EXERCISE EIGHT: Laugh and play. The day is empty that does not hold a few minutes of play and laughter. Make room for such time in your day. When possible, include others in both the laughter and the play. Playfulness is another important component of self-care. Play is thought by many researchers to improve intelligence. Minimally, it helps build the social skills needed to get along with others. Finally, play is also a useful way to move your body, combining two Emotional Fitness Training® Exercises in one.
EXERCISE NINE: Indulge in a healthy pleasure. Do one thing each day that you consider a luxury or an indulgence. Do it in a healthy way. This might involve giving yourself a hand or foot massage, eating and fully savoring a favorite food or a cup of tea, doing a cross word puzzle, letting one piece of chocolate melt in your mouth. The important thing is this be something just for you, and that it be an indulgence of your needs.
EXERCISE TEN: Forgive another. Review the day. Maybe some hurt or anger lingers on from when someone said something unkind. Did someone treat you unfairly? Take without giving in return? Break a promise? Betray a hope? Embarrass you in public? Say or do something cruel? Forgiveness does not mean forgetting, or staying with those who are abusive. As Bishop Tutu tells us, forgiveness means letting go of revenge and stopping the circle of hurt. To practice forgiving another, see the person coming to you as a small child, sad and upset, and asking you to forgive them. No one is perfect and all of us start our march through the world innocent babies.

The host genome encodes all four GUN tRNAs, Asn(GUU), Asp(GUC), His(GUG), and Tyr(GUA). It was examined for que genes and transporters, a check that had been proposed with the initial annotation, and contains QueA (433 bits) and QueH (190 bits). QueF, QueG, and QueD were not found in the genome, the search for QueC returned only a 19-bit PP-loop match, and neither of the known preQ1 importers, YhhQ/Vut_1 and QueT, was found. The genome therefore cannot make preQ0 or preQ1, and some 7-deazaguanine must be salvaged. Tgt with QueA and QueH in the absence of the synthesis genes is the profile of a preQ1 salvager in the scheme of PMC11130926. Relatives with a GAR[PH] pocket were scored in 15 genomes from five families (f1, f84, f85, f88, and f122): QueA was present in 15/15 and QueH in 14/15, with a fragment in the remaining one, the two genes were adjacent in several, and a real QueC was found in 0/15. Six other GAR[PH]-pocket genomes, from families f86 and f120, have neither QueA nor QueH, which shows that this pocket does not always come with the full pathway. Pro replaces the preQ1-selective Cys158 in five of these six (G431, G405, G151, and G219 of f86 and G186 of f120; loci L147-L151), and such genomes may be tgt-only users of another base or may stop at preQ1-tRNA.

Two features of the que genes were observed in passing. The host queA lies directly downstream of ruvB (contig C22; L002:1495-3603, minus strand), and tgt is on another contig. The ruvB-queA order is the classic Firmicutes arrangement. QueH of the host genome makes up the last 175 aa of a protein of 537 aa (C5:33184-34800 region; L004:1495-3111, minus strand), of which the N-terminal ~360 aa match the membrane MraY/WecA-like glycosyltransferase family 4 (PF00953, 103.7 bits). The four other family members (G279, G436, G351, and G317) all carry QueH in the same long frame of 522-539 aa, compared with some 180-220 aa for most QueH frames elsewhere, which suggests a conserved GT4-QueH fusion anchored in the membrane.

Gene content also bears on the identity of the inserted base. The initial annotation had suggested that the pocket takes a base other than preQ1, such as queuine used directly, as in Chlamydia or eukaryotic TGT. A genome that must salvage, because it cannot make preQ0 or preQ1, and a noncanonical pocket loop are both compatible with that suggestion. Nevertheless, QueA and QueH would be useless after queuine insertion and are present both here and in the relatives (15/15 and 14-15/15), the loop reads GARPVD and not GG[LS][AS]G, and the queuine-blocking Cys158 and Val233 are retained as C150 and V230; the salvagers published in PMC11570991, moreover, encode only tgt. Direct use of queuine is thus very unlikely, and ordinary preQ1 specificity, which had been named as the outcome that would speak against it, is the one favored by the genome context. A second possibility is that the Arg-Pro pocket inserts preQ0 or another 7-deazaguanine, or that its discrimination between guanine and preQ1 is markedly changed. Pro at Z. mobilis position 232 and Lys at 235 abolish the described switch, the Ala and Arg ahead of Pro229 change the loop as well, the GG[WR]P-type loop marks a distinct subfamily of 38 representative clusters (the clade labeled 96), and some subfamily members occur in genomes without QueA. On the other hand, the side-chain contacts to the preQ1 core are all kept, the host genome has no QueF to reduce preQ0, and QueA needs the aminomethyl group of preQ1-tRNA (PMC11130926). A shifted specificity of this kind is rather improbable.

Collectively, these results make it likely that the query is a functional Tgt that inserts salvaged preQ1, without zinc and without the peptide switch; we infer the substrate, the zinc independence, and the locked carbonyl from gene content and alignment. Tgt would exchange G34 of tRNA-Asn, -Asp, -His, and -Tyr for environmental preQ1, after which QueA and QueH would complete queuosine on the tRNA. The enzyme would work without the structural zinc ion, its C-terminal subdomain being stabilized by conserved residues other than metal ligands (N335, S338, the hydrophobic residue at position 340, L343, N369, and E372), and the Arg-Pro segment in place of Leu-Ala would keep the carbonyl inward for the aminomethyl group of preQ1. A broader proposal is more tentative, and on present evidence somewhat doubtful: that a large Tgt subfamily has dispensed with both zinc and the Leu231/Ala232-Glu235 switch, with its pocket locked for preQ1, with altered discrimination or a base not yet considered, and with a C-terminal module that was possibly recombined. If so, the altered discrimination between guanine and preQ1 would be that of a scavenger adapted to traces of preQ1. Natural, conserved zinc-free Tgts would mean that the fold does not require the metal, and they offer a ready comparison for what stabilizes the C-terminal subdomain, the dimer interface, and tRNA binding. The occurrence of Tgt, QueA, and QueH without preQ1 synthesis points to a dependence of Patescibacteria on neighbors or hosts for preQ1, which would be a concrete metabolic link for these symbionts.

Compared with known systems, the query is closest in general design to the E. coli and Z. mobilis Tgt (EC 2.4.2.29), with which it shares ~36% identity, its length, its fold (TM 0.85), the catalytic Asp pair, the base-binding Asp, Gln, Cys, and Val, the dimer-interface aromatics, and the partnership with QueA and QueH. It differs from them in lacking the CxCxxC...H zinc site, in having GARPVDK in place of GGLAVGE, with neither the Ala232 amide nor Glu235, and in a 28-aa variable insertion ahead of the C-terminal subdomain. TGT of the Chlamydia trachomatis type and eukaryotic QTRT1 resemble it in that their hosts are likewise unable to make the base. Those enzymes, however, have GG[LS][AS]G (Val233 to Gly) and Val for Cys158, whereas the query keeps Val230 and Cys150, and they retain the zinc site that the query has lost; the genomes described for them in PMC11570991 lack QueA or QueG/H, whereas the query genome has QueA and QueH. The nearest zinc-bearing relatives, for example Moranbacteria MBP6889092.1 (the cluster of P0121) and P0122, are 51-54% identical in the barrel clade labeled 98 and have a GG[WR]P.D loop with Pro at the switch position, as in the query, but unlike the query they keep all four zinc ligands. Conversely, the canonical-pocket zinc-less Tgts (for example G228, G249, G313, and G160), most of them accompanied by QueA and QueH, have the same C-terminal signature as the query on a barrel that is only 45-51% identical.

EXERCISE ELEVEN: Forgive yourself. Perhaps the negative you need to let go of is some wrong you did. Maybe you treated another unfairly. Maybe you were angry or thoughtless and now regret your actions. When you need forgiveness, it means stopping the wrongful behavior, not repeating it and sometimes making amends. We all fail to do or be our best. We all make mistakes. We all need forgiveness for one thing or another. When you need forgiveness, see yourself as a small child approaching the person you want to forgive you. See that person smiling down on you with forgiveness and acceptance.